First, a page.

Introduction: USSR South: Postcolonial Worlds in the Soviet Imaginary
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Introduction
USSR South: Postcolonial Worlds in the Soviet Imaginary

What could the panoply of relationships have been between the Soviet Union and the colonial and emergent postcolonial world? Even a cursory consideration of this question takes some mental gymnastics, shifting the directionality of our thinking and requiring us to cut across several geographic, political, and historical spaces that have usually been analyzed in isolation from each other. Soviet Union–Turkey, Soviet Union–South Asia, and even Soviet Union–Africa, for instance, have rarely, and that only recently, been taken up by scholars as significant historical or political axes. The work that has been done in this vein has focused, understandably, on the three-world power dynamics of the Cold War.1

On the one side of this equation we have the Soviet Union, in formation between 1917 and 1922 and in formal existence until 1991: a totalistic political, social, and cultural project with universal (and some would say its own internal colonial/imperial) aspirations, in revolution, continual and often violent evolution, and then devolution, throughout precisely the same period as high colonialism in Africa and Asia, and then of decolonization of those continents. The impetus for the “Soviet project,” if indeed there can be said to have existed such a monolith, grew out of Enlightenment thought and the French revolutionary tradition of the nineteenth century and was thus defined in sharp contradistinction to western European capitalism and, by extension, colonialism, even though it was very much part of a larger Enlightenment whole. In serving as a—and often the —world-historical alternative to capitalism and its accompanying forms of extranational domination, imperialism, and colonialism, one would think that various actors in the Soviet Union would have had natural connections to and affinities with colonial peoples and, even more so, a natural tendency to support decolonization movements across the globe. And yet these connections are only now beginning to move out of the realm of assumptions and into that of systematic exploration and scrutiny.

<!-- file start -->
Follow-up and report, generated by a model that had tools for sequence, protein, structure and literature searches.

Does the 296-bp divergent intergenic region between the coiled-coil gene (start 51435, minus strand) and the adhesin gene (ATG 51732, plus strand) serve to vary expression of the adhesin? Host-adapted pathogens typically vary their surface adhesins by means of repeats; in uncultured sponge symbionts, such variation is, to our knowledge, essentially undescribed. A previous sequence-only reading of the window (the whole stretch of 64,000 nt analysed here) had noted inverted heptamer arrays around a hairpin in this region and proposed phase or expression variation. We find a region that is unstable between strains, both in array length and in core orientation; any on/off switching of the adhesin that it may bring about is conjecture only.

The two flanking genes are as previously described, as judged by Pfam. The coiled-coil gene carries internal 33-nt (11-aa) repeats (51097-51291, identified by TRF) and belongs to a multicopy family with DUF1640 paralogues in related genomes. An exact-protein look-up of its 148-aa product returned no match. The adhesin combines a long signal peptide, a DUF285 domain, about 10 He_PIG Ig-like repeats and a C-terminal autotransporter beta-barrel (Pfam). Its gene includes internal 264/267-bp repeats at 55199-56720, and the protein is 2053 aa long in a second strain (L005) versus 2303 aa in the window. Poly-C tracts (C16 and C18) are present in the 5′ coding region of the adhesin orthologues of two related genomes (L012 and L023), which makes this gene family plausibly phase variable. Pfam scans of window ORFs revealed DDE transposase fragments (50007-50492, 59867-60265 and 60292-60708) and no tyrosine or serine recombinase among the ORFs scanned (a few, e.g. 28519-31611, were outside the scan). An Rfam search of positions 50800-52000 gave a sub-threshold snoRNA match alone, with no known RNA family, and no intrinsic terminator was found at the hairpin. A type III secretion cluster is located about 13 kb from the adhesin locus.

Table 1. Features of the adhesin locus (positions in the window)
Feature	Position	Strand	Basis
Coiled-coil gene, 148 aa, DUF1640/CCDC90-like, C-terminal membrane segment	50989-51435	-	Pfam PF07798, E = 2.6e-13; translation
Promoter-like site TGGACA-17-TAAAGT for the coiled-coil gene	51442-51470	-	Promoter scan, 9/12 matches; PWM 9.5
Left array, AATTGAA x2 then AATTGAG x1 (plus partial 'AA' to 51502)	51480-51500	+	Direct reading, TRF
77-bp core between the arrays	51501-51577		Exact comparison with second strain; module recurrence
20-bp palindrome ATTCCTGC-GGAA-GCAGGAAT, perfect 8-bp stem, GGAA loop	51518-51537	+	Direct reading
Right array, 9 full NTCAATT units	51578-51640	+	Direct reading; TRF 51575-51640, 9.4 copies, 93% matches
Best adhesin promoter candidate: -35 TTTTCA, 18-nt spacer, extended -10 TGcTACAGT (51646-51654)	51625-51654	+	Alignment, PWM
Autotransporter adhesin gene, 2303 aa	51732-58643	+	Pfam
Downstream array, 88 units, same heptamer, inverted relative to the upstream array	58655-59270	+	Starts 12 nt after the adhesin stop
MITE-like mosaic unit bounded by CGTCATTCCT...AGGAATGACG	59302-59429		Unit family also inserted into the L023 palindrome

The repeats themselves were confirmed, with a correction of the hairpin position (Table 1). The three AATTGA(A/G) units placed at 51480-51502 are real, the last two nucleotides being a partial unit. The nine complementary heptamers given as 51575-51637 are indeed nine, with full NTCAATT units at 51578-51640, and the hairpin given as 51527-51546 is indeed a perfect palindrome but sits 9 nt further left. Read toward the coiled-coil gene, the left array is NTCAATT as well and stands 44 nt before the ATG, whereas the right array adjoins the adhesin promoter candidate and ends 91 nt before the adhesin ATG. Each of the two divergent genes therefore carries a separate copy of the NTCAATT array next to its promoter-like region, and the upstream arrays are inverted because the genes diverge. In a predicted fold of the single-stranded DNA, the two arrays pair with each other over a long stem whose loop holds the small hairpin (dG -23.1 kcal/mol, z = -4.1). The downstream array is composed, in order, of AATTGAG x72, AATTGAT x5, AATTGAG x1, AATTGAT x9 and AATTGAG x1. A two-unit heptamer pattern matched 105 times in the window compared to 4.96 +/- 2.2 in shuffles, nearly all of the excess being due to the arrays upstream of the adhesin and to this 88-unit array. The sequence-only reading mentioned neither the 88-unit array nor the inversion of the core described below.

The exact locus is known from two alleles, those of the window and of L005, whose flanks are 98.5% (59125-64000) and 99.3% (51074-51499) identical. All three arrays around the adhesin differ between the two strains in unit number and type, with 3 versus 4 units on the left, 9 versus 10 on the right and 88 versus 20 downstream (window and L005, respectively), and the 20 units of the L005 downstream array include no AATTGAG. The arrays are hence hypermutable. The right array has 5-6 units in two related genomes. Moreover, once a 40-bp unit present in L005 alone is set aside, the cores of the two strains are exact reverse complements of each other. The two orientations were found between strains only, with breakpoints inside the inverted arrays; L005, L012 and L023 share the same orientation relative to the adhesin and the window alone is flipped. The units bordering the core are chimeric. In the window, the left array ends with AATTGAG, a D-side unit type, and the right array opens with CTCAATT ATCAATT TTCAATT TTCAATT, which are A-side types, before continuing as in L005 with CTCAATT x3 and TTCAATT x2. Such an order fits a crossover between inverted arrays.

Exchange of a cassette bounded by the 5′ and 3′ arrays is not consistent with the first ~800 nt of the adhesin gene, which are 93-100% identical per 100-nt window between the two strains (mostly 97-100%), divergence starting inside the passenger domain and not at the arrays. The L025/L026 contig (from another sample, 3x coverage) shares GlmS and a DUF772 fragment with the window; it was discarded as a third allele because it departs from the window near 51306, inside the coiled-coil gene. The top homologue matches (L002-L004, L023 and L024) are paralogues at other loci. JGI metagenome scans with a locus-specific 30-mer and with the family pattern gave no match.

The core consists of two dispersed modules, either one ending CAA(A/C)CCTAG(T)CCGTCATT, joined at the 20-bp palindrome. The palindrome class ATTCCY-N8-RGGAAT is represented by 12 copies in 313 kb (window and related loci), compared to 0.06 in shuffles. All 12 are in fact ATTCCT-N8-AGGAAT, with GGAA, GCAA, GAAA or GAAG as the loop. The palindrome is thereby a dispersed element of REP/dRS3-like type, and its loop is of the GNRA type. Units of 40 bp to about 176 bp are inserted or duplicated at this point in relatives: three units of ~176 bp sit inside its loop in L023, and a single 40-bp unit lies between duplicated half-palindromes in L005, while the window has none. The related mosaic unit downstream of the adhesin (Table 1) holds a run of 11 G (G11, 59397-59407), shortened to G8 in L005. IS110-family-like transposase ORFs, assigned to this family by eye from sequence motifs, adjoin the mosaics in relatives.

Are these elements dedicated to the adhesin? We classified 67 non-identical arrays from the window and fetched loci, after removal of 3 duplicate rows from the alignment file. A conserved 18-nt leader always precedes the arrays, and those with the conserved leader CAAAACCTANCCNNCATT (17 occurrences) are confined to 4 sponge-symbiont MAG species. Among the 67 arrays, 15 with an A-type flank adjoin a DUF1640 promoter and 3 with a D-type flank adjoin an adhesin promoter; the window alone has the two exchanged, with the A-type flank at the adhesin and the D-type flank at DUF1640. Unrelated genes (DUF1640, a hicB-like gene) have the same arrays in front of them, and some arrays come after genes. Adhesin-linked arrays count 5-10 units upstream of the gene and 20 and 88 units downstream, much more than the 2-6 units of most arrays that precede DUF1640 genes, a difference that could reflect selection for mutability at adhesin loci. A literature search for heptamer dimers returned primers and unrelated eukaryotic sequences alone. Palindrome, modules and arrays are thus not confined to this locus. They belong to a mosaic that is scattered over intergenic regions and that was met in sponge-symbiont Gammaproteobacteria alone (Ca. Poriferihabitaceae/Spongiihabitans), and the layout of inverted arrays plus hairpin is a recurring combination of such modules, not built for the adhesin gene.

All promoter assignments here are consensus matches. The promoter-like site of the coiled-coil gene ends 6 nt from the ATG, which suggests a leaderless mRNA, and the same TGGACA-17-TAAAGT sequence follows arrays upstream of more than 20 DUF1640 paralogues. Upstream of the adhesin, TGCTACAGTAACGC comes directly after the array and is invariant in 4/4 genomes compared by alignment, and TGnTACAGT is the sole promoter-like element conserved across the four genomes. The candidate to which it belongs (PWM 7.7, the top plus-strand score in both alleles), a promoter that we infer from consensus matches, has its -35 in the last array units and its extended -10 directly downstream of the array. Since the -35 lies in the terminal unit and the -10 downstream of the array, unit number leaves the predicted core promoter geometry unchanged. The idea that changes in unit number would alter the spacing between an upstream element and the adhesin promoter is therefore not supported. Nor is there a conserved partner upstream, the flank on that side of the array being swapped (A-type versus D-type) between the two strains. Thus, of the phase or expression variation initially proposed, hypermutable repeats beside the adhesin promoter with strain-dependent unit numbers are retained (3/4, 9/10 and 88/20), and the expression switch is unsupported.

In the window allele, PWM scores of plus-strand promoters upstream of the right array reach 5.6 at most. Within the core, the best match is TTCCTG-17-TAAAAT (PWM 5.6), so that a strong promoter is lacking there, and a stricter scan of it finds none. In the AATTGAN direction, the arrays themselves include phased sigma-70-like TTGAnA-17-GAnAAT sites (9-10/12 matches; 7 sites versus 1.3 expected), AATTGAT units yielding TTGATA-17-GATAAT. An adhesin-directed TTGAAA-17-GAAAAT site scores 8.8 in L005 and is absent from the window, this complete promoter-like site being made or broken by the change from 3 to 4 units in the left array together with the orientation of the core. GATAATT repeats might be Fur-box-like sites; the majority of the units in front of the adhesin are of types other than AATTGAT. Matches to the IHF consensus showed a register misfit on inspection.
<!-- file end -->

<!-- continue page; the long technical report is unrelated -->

Given that the Soviet Union comprised not just Russia but was made up of no less than fifteen “national” republics, there was certainly a perennial “nationalities question” within the Soviet Union, which could be interestingly compared to colonial projects emanating from western Europe. When looking outward, [End Page 197] however, scholarship has focused much more on the Soviets’ westward gaze, whether it be to Poland, Germany, Britain, or the United States. This is understandable, given not only the ideological and epistemological origins of the Soviet project referred to above but also that the Soviets themselves regularly and officially proclaimed their rivalry with western European capitalism and imperialism as part of their raison d’être, of course.

So far the massive, sophisticated, and fascinating historiography generated on the Soviet Union and between the Soviet Union and Europe has been at the expense of considering the ideals and realities of Soviet connections immediately southward, to Turkey, Iran, and Afghanistan, let alone to the more distant South Asia and Africa.2 And this thanks in no small part to the configuration of area studies that emerged out of World War Two and the Cold War, whereby Soviet specialists would be thoroughly trained in European history but not at all in the languages or history of the “Middle East,” let alone South Asia or Africa.3 With the area studies paradigm subject to scrutiny for well over two decades now, and with a new generation of scholars starting to transcend these boundaries, becoming versed in Russian and Turkish, Farsi, or Hindi, for instance, it is not surprising that new connections and dimensions of both the Soviet project and the colonial and postcolonial experience are being brought to light.

On the “other” side of this problem, post-colonial studies have generally focused on the—often violent—encounter with and resistance to the usually western European colonizers in Asia and Africa. The lines of inquiry regarding colonial domination, collaboration, resistance, and struggles for decolonization might lead one, and have led many, to a natural affinity with the Soviet project.4 In the anticolonial and postcolonial imagination, that is, the Soviet project may have even represented an inspiring alternative to capitalism...